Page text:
6.1/10
2,900
54 user 35 critic

Daleks' Invasion Earth 2150 A.D. (1966)

Not Rated | | Family, Sci-Fi | 5 August 1966 (UK)
The Daleks' fiendish plot in 2150 against Earth and its people is foiled when Dr. Who and friends arrive from the 20th century and figure it out.

Director:

Gordon Flemyng

Writers:

Terry Nation (from the B.B.C. television serial), Milton Subotsky (screenplay) | 1 more credit »
Reviews

On Disc

at Amazon

Photos

Edit

Cast

Cast overview, first billed only:
Peter Cushing ... Dr. Who
Bernard Cribbins ... Tom Campbell
Ray Brooks ... David
Andrew Keir ... Wyler
Roberta Tovey ... Susan
Jill Curzon Jill Curzon ... Louise
Roger Avon Roger Avon ... Wells
Geoffrey Cheshire Geoffrey Cheshire ... Roboman
Keith Marsh Keith Marsh ... Conway
Philip Madoc ... Brockley
Steve Peters Steve Peters ... Leader Roboman
Eddie Powell ... Thompson
Godfrey Quigley ... Dortmun
Peter Reynolds ... Man on Bicycle
Bernard Spear Bernard Spear ... Man with Carrier bag
Edit

Storyline

Based on a story from the BBC TV serial "Doctor Who". Dr. Who and his companions arrive on Earth in the year 2150 AD, only to discover that the planet has been invaded and its population enslaved by the dreaded Daleks. The time travellers assist human resistance groups to foil the Daleks' plan to mine the Earth's core. Written by Alexander Lum <aj_lum@postoffice.utas.edu.au>

Plot Summary | Add Synopsis

Plot Keywords:

bobby | police | policeman | fuzz | bacon | See All (273) »

Taglines:

Who were these demons from another world ??

Genres:

Family | Sci-Fi

Certificate:

Not Rated | See all certifications »

Parents Guide:

View content advisory »
Edit

Details

Country:

UK

Language:

English

Release Date:

5 August 1966 (UK) See more »

Also Known As:

Daleks Invade Earth 2150 A.D. See more »

Edit

Box Office

Budget:

£286,000 (estimated)
See more on IMDbPro »

Company Credits

Show more on IMDbPro »

Technical Specs

Runtime:

Sound Mix:

Mono

Color:

Color (Colour by) (Technicolor)

Aspect Ratio:

2.35 : 1
See full technical specs »
Edit

Did You Know?

Trivia

This film was part-financed by the Quaker Oats Company, then-makers of the "Sugar Puffs" cereal, in return for an exclusive merchandising deal. Quaker combined with the film team in a £50,000 campaign which included 3½ million boxes of "Sugar Puffs" advertising the film, and a competition to win toy Louis Marx Daleks or the top prize, a full-size Dalek prop. Several posters for "Sugar Puffs" cereal are visible during the movie, an early (for a British film) example of product placement. Two special screenings for grocery traders were also arranged via the deal with executive producer Joe Vegoda. See more »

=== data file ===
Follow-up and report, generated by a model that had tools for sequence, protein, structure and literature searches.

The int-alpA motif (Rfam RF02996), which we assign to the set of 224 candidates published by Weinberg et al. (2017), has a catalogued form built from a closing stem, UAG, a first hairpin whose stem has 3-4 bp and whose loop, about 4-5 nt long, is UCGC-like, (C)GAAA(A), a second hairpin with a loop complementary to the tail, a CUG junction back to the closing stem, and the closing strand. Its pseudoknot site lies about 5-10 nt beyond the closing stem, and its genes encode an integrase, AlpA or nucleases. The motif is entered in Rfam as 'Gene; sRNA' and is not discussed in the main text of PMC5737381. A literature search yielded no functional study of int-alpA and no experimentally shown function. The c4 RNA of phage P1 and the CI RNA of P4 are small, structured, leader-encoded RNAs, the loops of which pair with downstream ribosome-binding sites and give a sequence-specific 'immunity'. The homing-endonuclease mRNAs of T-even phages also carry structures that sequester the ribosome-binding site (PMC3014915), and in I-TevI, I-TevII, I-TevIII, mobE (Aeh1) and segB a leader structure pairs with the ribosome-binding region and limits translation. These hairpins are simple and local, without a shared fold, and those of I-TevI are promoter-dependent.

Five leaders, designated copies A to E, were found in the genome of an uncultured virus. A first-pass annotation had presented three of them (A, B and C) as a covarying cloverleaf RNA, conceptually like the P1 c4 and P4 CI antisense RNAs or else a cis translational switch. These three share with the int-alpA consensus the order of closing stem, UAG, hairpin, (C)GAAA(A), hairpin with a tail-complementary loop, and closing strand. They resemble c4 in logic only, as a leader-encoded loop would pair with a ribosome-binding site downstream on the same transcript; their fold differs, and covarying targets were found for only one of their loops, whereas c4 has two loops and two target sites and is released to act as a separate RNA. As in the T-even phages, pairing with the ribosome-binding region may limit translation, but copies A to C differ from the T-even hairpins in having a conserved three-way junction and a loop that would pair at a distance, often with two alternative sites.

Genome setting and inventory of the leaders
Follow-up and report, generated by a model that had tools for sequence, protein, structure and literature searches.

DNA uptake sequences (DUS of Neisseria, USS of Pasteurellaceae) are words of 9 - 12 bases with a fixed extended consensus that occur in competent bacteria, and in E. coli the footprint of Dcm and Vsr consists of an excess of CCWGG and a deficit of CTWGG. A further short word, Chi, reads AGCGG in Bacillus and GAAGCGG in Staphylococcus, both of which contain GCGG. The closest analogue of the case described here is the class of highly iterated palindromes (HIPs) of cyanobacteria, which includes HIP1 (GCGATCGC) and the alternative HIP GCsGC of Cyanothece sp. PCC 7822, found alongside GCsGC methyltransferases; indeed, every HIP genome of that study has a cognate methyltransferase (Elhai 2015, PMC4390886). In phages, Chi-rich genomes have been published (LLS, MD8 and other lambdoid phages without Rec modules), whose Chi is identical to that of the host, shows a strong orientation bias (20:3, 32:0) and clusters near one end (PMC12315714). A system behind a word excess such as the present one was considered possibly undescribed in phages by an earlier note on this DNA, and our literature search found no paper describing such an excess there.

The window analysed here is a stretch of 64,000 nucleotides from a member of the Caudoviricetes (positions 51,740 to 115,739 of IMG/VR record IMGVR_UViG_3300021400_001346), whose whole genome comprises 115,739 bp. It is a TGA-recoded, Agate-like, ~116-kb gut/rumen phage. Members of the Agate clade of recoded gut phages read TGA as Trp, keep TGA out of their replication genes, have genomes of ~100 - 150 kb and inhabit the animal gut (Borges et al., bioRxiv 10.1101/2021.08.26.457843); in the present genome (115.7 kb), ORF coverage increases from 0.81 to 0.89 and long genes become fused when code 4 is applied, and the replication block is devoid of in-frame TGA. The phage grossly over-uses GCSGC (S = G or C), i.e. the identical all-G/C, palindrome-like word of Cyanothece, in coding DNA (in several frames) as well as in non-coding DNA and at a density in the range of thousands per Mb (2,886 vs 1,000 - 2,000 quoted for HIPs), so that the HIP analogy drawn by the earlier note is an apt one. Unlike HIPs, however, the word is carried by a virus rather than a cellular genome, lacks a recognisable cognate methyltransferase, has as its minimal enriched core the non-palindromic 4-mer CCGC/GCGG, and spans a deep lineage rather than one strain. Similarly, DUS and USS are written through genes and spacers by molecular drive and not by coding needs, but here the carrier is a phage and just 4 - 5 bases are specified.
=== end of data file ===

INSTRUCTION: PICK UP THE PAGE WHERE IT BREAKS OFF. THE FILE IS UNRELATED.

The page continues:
Goofs

When the van rams through the ranks of blue/silver Daleks in the street, some of those knocked flying and destroyed are clearly seen to be completely empty casings. See more »

Quotes

[repeated line]
Daleks: Exterminate!
See more »

Alternate Versions

Some versions of the film open with the credits sequence before switching to Tom's night-time street patrol. The original version opens with the raid, then the titles, then Tom's awakening in TARDIS. See more »

Connections

Referenced in Tomorrow's Times: The First Doctor (2011) See more »

Soundtracks

Toccata and Fugue in D Minor, BWV 565
(uncredited)
Composed by Johann Sebastian Bach
See more »

Frequently Asked Questions

This FAQ is empty. Add the first question.

User Reviews

 
Extermination is not an Option
3 September 2005 | by BogmeisterSee all my reviews

When I first saw this on TV as a kid, I was really taken with the fanciful far-out concepts of a conquered Earth. For a 12 year-old boy into sci-fi, this was and is the ultimate escapist fare. I had no knowledge of the British TV series at the time so my intro to Dr.Who was Peter Cushing (playing older than he is), the movie version of the old-time traditional Doctor. I probably saw this film before the previous one "Dr. Who and the Daleks" as I was puzzled by the Doctor's recognition of his old foes, the unforgettable Daleks. Yes, who can forget those frog-like voices, warped by metallics, usually screaming for the death of humans. The British cast is really keen, especially Cribbins as an out-of-place copper and Andrew Keir as a hobbled resistance fighter. They bring a curious reality to the fantastic setting.

The picture has a decidedly British flavor and, of course, is filmed in the British countryside. Though I didn't reason this out at the time when I was a kid, it had an obviously different taste to it; I was mostly familiar with U.S. low budget sci-fi pics of the '50s and '60s at the time. The scope of the picture seemed really huge back then: London in a destroyed state, humanity decimated. There was that really cool flying saucer, looking fully functional and detailed. And there were the creepy Robo-men, in their slick black bodysuits and far-out helmets, like some futuristic Nazis or space zombies. All of this stuff really just took me over and I couldn't wait for the next time the local TV channels would run it again (not very often, as it happened). Some years later, I realized the title, 2150 AD, sounded cool, but the invasion by the Daleks must have occurred only a few years before the events of this movie, and the dilapidated buildings all looked like they'd been wrecked in the sixties. Ah, no matter. Many years later, I got the DVD and the thrill, tho muted by the long passage of experience and adulthood, is still there. They really knew how to make 'em back then.


33 of 38 people found this review helpful.  Was this review helpful to you? | Report this
Review this title | See all 54 user reviews »

Contribute to This Page

Stream Trending Movies With Prime Video

Enjoy a night in with these popular movies available to stream now with Prime Video.

Start your free trial



Recently Viewed